I usually write about reading and writing, but today I want to expand and talk about other stuff as well—all the sources that have been sustaining me through this horrible summer. Summer of accidents, death, sadness, and grief.

Reading. I am reading Jonathan Lethem’s Motherless Brooklyn. I don’t remember meeting a more wonderful narrator—orphan-boy detective Lionel with Tourette’s syndrome.   His verbal and physical tics lift this detective story out of the ordinary. Lethem gives a master class in first person narration. I am less interested in the story than in the brill narration.

Writing. I finished my seventh story. My goal is still 10. I like this one, though I don’t know if any of them are any good. Sometimes ideas emerge from a deep well I didn’t know I had access too. Sometimes the process feels like automatic writing. . . “where is this coming from?” As Elizabeth Gilbert says in Big Magic, “The work wants to be made, and it wants to be made through you.” I am not even thinking as I write. The words just come out.

The latest, “Cones and Bottles” is about a woman Angela with a shitty childhood encountering a girl named Apeshit who is in the midst of her own shitty childhood. Angela confronts some of her demons around addiction and control. Ice cream cones and chocolate milk bottles figure in the story. Angela’s new neighbours invite her over for a barbecue.

At one point, as she carefully negotiated her sawdust hamburger, Angela ventured a question, “So is Ape short for April?”

“Ha, no, actually. That’s a good story,” answered Edie, licking mustard off her pudgy fingers. Angela noticed she had letters inexpertly tattooed on each finger of her left hand, just above the knuckles: P-A-R-T-Y. “Her real name is Mariah, you know, after the singer.” And then she interjected a phrase of a Carey song. “Touch my baw-dy, put me on the fl-o-o-o-o-r,” Edie crooned in a scratchy voice, pretending her hot dog was a mic. “But when she was little and we were trying to toilet train her, she used to shit on the floor, then start throwing it at us. I kid you not. Just like the apes going apeshit in the zoo. So we started calling her Apeshit, then Ape for short.”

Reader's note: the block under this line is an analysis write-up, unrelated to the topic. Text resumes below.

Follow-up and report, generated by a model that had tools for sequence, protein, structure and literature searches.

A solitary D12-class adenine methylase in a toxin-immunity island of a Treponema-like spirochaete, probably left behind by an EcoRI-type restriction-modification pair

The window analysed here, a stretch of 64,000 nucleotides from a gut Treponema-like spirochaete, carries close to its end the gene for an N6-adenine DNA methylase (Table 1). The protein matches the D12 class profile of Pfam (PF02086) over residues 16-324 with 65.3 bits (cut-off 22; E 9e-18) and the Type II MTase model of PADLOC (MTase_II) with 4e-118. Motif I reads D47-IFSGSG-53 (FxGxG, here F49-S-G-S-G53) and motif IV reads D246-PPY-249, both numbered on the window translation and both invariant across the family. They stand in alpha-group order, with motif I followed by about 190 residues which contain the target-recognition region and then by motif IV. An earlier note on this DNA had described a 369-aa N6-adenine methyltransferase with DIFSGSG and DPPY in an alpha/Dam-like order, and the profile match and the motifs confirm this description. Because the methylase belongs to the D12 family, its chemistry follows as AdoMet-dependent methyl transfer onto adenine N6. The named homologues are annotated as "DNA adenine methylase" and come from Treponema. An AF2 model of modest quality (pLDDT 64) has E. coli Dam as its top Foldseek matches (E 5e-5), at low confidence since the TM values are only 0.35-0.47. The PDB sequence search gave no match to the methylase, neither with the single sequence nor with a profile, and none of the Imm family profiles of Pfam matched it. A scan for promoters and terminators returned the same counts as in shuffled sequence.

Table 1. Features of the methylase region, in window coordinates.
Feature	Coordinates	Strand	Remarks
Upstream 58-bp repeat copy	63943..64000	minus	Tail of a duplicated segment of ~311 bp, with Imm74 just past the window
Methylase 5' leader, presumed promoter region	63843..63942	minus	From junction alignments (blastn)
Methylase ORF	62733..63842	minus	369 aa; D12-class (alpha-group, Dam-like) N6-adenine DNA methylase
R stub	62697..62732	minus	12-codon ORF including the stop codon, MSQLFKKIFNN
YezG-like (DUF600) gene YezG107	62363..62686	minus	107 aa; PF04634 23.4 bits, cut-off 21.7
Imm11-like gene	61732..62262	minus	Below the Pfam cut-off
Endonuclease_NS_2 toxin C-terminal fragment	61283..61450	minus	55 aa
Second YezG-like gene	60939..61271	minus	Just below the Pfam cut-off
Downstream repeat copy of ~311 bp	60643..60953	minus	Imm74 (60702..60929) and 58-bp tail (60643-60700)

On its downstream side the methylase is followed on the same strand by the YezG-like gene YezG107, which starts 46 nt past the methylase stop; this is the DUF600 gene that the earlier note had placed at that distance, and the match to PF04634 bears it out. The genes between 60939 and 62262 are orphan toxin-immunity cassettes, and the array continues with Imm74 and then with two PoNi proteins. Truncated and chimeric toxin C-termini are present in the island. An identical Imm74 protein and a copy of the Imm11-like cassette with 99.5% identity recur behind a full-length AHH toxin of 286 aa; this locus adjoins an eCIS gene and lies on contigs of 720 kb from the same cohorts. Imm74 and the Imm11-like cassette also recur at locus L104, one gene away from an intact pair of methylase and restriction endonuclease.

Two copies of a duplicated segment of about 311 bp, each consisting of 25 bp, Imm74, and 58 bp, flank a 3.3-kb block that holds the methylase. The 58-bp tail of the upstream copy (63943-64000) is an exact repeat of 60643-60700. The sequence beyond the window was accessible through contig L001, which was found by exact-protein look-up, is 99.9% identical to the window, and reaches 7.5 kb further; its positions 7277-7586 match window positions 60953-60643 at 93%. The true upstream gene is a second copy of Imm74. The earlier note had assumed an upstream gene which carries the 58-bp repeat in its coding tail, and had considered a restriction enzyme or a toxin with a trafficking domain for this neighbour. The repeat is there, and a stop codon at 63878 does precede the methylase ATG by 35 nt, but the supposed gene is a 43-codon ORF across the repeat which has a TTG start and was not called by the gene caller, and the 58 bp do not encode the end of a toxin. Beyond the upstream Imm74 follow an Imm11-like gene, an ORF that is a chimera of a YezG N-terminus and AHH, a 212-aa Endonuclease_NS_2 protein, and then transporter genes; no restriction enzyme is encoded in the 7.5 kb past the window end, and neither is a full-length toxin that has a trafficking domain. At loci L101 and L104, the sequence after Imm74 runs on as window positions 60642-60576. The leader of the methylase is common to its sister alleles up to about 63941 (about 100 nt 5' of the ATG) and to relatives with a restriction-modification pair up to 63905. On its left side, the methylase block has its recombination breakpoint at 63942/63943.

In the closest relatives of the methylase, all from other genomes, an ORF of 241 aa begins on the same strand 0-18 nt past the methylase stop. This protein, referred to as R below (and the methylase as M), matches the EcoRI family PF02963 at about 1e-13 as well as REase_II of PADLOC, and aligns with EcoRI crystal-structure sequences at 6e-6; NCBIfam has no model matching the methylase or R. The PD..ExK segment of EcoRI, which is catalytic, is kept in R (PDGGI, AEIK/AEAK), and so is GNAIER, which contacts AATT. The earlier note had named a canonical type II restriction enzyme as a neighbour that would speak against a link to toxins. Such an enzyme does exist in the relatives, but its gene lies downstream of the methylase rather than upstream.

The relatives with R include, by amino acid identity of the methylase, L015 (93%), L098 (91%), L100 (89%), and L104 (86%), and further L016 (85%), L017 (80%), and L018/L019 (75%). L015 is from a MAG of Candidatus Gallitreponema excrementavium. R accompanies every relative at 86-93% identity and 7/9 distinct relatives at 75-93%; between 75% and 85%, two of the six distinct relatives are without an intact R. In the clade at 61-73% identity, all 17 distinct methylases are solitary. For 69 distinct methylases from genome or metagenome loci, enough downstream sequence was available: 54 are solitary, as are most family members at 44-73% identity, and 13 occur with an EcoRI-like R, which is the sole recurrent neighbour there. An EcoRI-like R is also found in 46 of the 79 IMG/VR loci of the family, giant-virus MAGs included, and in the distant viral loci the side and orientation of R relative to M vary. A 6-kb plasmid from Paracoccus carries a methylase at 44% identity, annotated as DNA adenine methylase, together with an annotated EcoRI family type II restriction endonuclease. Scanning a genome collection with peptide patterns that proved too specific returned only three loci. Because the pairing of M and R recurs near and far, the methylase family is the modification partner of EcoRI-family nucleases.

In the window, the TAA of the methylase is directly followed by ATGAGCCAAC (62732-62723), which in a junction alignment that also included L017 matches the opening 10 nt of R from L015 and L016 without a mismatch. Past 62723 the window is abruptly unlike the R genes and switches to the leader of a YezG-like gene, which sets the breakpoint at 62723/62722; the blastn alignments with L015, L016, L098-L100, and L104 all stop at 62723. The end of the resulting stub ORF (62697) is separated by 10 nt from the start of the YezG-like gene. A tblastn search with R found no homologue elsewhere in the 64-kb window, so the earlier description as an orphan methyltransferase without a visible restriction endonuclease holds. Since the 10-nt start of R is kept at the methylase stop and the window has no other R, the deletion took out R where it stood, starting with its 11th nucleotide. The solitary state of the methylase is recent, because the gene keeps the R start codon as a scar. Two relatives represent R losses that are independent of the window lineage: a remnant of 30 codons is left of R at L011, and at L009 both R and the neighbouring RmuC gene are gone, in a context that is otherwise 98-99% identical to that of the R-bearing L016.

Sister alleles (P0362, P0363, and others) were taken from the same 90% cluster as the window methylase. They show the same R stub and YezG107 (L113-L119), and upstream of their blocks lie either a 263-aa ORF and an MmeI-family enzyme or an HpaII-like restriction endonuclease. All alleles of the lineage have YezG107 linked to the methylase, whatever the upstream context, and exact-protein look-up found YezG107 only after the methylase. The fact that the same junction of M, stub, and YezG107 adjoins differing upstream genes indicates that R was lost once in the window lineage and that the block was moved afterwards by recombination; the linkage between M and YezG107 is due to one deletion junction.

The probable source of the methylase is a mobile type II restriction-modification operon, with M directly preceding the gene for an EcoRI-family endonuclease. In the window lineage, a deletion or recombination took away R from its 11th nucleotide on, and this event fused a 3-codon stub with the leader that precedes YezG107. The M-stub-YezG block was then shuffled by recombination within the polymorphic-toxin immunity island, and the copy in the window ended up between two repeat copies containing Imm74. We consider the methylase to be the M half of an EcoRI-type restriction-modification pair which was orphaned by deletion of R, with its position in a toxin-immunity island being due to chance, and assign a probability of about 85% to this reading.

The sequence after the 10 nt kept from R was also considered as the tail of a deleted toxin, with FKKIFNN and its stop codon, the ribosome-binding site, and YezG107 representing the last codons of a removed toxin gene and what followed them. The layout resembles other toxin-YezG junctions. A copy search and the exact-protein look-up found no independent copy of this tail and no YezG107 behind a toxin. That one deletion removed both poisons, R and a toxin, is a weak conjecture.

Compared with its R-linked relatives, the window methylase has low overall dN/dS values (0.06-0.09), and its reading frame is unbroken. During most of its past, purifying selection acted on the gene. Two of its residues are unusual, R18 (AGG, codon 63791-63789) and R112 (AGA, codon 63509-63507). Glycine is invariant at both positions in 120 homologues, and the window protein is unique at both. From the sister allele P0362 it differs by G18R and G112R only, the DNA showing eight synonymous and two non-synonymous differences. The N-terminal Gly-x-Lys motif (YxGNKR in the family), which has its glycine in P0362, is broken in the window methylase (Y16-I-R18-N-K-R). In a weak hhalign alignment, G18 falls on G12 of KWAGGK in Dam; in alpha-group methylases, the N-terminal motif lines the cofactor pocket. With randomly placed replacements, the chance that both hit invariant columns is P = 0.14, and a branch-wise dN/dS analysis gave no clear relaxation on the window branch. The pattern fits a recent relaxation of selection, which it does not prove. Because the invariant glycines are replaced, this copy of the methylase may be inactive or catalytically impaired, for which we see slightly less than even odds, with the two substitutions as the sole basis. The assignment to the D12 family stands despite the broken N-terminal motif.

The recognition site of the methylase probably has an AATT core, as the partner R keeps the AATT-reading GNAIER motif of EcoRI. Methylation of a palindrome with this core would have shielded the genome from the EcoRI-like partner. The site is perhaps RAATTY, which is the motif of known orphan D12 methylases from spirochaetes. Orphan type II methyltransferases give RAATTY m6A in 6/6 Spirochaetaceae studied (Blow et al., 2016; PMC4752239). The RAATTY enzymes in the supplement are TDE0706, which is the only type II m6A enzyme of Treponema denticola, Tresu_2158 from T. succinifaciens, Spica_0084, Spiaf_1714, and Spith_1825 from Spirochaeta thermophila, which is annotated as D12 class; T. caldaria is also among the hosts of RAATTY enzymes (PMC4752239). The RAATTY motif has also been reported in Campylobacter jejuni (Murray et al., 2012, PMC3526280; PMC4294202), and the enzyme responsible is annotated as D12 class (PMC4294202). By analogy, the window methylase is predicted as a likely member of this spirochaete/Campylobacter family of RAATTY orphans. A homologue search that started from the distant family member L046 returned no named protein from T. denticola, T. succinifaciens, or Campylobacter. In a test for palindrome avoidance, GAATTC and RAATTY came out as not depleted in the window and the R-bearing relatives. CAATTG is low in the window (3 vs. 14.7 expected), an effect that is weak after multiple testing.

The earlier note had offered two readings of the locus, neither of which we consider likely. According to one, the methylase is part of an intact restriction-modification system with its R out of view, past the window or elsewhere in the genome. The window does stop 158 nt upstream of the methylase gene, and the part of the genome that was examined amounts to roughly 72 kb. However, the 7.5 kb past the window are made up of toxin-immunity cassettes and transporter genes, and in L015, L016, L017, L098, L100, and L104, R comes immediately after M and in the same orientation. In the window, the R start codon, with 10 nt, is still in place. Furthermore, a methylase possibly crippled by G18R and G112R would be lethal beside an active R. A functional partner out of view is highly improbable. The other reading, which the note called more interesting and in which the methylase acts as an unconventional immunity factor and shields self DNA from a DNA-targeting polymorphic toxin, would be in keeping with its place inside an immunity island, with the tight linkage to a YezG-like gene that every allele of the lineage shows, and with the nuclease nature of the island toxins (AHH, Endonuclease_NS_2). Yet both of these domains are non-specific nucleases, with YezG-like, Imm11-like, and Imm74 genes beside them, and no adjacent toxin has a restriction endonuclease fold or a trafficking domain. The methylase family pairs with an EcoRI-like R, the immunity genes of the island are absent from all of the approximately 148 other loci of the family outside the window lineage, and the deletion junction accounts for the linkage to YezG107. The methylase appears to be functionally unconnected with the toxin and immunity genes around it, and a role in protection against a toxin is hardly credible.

Hen chimed in. “She still does it from time to time.”

“No kidding,” responded Angie, her flesh crawling from this description. She didn’t want to keep that image in her mind – the kid scooping soft turds from the floor and lobbing them at her parents. She imagined the damage done to the last apartment: smelly brown stains on carpets and walls.

* * *

Art making. I found the wooden end of an electrical spool by the side of the road, around 22 inches in diameter. I brought it home and created “Shimmer” a mixed media piece with paper, glue, watercolour, acrylic, spraypaint, coloured pencil, straws, duct tape, wire, found objects. Shimmer has two women who spin for you (well four women, but only two can spin). One expands into dance, the other has contracted into solitude. Jewels sparkle here and there from found objects. There is a little glittery holder for my own version of angel cards at the bottom. This may not be finished.

Spin the girl, pick a card. Shimmer away/ Contract/ Expand/ Change/Everything changes all the time/ pick a card any card/ you never know what life holds for you.

Sewing: Working on “full moon rising quilt.” I love the batiks. I am learning to sew curves, sometimes tricky. This quilt is for a friend that I love.

Painting and writing, sewing and drawing, reading and thinking, dreaming and loving, crying and hugging. These all sustain me during the summer of pain.

P.S. would you like me to pick a card for you? Reply below. I’ll pick it and tell you what it says. IMG_1052

 

Learning the craft: first person first